When I practice the E-major Partita (in A major on the viola) with music, I get new musical insights every time. And when I practice the G-major Cello Suite with music I learn something new every time. For me having the music in front of me allows me the freedom to group notes in new (for me) ways. Having the music in front of me helps me to really know where I have been, where I am, and where I am going. It gives me a foot hold. It helps me feel at ease playing in front of people. Playing with the music in front of me becomes more about the music than it does about my playing of the music.

Sunday, November 27, 2016

The Joy of Hard Work: Getting From Can't to Can

While I believe that every child should have the opportunity to participate in musical activities, and I think that it is beneficial to everyone to study an instrument (or voice) with a good teacher, I have learned from experience that the only people who truly succeed at playing a musical instrument are the people who get enjoyment from the hard work of practicing.

Getting from can't to can is a profound journey, and it is a journey I have taken many times with different instruments. I have finally found the instrument I love to practice most of all (the viola), and feel extremely fortunate that I have put in enough work so that I use the word "can't" only rarely. I also love the journey between can't and can with the viola as much as I appreciate being able to play my instrument in a way that expresses my deepest inner voice. And every new piece allows for the possibility of a new and interesting journey.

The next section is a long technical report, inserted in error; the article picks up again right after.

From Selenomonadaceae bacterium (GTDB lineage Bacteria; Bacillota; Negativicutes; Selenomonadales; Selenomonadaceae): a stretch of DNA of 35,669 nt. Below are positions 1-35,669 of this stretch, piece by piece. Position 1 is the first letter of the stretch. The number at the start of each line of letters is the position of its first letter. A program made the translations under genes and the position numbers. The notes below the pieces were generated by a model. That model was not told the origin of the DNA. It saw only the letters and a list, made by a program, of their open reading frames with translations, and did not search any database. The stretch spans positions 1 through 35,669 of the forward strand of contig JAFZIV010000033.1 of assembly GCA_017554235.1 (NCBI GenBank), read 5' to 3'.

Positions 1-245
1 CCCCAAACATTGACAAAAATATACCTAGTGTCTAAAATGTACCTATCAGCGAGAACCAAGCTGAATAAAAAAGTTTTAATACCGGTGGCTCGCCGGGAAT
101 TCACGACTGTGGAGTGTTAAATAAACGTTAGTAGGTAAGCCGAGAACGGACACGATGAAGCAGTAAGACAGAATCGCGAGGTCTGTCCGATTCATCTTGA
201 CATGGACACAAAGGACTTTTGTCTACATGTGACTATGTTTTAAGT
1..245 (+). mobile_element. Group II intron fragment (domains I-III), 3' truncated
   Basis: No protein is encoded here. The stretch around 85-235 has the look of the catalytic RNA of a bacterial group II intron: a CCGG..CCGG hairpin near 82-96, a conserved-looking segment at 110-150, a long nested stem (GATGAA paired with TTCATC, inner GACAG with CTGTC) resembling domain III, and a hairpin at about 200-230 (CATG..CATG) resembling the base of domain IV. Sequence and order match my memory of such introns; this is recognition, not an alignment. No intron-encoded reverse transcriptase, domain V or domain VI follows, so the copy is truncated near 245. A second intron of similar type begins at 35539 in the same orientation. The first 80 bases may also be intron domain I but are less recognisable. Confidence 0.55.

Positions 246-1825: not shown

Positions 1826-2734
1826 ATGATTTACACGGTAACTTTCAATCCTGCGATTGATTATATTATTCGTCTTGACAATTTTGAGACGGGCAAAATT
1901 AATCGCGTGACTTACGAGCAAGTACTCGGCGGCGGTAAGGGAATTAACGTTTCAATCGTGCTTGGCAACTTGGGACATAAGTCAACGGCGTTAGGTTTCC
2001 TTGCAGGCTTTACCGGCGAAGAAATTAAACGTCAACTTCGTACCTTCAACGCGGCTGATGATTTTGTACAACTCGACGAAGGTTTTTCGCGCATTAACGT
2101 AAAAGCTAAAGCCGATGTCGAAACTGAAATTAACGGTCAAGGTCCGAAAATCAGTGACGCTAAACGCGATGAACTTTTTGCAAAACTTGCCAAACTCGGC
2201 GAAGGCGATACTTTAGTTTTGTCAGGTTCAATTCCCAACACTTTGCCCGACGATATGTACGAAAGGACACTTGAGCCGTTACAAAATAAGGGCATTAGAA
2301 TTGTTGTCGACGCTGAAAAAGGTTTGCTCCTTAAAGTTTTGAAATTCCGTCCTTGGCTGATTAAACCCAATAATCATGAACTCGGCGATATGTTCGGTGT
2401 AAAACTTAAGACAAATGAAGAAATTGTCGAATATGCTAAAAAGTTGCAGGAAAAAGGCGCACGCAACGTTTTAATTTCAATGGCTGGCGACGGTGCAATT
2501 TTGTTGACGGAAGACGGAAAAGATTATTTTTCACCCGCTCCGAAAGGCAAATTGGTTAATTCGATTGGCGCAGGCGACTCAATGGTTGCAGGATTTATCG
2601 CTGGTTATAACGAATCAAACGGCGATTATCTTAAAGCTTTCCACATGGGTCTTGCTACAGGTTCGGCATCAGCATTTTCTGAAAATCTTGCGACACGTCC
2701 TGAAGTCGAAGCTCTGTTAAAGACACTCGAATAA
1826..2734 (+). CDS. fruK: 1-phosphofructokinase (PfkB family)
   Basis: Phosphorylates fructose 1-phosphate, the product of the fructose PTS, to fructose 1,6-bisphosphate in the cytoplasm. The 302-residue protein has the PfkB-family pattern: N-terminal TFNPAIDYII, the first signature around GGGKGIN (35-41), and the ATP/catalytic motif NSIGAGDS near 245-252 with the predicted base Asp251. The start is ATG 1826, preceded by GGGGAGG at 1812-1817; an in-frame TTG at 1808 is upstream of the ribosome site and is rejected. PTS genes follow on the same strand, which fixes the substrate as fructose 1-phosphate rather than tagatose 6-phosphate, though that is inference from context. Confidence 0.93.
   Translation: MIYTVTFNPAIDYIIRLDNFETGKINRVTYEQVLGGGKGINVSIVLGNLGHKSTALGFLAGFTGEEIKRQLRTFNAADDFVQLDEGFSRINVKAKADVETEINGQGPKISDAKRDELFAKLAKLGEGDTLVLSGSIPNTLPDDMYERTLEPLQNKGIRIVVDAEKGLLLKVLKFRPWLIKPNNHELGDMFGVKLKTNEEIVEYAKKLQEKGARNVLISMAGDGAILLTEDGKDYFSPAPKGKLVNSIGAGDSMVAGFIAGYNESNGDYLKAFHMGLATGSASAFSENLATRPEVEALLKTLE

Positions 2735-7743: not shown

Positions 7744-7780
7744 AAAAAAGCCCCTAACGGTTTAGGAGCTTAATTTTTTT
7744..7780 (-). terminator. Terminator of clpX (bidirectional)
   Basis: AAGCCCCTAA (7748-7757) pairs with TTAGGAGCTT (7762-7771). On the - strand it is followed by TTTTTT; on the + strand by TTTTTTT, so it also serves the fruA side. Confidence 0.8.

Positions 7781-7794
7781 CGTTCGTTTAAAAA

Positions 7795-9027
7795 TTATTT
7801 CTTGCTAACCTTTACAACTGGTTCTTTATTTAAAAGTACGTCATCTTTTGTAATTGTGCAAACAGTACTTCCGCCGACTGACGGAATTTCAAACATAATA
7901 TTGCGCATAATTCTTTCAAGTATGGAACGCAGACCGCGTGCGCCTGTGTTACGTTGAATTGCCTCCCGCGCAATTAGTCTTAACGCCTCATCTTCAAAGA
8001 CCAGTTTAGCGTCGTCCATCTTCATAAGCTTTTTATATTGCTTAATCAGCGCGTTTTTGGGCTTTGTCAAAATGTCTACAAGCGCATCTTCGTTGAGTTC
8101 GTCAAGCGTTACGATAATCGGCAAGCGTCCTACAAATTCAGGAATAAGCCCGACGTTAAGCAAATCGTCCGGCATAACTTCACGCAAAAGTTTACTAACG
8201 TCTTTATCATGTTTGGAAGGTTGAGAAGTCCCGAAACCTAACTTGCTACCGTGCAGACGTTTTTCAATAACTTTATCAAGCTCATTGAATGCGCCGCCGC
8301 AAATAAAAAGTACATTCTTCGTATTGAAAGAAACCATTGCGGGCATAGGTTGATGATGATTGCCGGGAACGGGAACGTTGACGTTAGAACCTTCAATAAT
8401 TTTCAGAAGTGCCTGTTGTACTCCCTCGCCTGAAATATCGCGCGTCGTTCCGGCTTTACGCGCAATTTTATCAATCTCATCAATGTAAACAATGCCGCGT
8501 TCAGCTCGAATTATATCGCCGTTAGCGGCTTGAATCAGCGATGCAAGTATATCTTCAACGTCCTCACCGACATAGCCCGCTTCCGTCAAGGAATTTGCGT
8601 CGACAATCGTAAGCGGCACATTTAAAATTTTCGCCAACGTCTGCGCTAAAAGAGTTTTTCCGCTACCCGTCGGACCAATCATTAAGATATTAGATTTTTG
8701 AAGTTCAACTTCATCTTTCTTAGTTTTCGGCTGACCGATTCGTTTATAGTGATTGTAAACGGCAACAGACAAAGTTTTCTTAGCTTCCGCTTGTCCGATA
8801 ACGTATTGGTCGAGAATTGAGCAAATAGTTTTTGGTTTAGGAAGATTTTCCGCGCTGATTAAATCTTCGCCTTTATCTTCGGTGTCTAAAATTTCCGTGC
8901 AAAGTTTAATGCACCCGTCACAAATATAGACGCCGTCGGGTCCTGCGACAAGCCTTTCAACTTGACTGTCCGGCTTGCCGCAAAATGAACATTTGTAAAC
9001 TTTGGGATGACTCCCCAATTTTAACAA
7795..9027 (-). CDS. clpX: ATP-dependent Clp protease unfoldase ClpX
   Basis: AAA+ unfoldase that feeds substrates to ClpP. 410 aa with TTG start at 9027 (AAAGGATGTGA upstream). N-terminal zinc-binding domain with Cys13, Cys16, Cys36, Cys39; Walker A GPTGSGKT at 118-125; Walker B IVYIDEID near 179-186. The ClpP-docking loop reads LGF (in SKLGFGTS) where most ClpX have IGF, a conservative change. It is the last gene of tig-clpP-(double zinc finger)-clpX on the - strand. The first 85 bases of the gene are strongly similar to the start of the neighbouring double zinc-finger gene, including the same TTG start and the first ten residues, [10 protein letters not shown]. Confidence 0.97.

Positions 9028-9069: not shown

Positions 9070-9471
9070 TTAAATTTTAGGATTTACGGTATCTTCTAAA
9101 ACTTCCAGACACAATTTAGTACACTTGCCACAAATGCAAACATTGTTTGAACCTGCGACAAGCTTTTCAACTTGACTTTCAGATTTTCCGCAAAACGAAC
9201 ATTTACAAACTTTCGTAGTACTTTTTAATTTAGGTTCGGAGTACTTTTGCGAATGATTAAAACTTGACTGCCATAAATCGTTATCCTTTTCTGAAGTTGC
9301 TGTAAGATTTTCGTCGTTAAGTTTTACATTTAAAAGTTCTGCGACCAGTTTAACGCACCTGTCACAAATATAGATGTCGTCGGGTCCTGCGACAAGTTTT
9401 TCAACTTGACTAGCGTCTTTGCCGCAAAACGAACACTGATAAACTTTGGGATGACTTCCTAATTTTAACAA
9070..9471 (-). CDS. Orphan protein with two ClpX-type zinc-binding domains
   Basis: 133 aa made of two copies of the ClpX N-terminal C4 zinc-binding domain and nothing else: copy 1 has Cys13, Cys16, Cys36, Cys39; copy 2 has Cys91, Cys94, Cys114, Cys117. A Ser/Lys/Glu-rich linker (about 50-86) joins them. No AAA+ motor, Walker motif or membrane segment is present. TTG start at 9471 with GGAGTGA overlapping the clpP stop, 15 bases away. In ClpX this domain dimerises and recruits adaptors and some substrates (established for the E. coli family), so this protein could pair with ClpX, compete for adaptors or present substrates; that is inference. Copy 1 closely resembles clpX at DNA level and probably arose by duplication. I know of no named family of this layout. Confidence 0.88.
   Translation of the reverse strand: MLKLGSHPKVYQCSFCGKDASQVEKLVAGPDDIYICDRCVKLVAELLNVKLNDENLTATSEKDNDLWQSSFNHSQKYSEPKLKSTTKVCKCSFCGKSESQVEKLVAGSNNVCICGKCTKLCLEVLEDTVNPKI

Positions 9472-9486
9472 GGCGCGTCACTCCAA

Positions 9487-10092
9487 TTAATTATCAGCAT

In my nearly 40 years of teaching (nearly 40 years!), the students who seem to have gotten the greatest benefit from studying music are the students who enjoy the process of making improvements in their playing by taking baby steps: notching passages with a metronome, becoming aware of how they feel when using their playing mechanisms efficiently, and gaining an understanding of the possibilities to be found in a musical phrase.

Some people are "wired" to practice and play, and some people are "wired" to do other things. People who do not get pleasure out of the process of practicing might find that they get more pleasure out of the process of working hard at something other than music. My hope is that my students who no longer play find an area of concentration that asks them to work hard, and that they find joy in the process of improving in their area of concentration through consistent work. I also hope that they keep music in their lives and do not associate no longer playing with a sense of failure. And then there is the secret pie-in-the-sky hope that when they get to a point in their lives where they want to try playing again, I hope that they find new enjoyment in the hard work that all of us have to do in order to get from can't to can.



Saturday, November 26, 2016

New Mozart Flute Concerto?

I saw a notice that the very first performance of a recently-discovered flute concerto by W. A. Mozart will be live-streamed from Istanbul on December 2 by way of Tutti Mozart's FaceBook page, but it is not clear (to me, at least) if this is a work that is totally original or a piece written by Johann Baptist Wendling with some help from Mozart. Somehow I imagine that a discovery of a new Mozart concerto would have made large ripples in the musicological ether. I can't seem to find any at this point.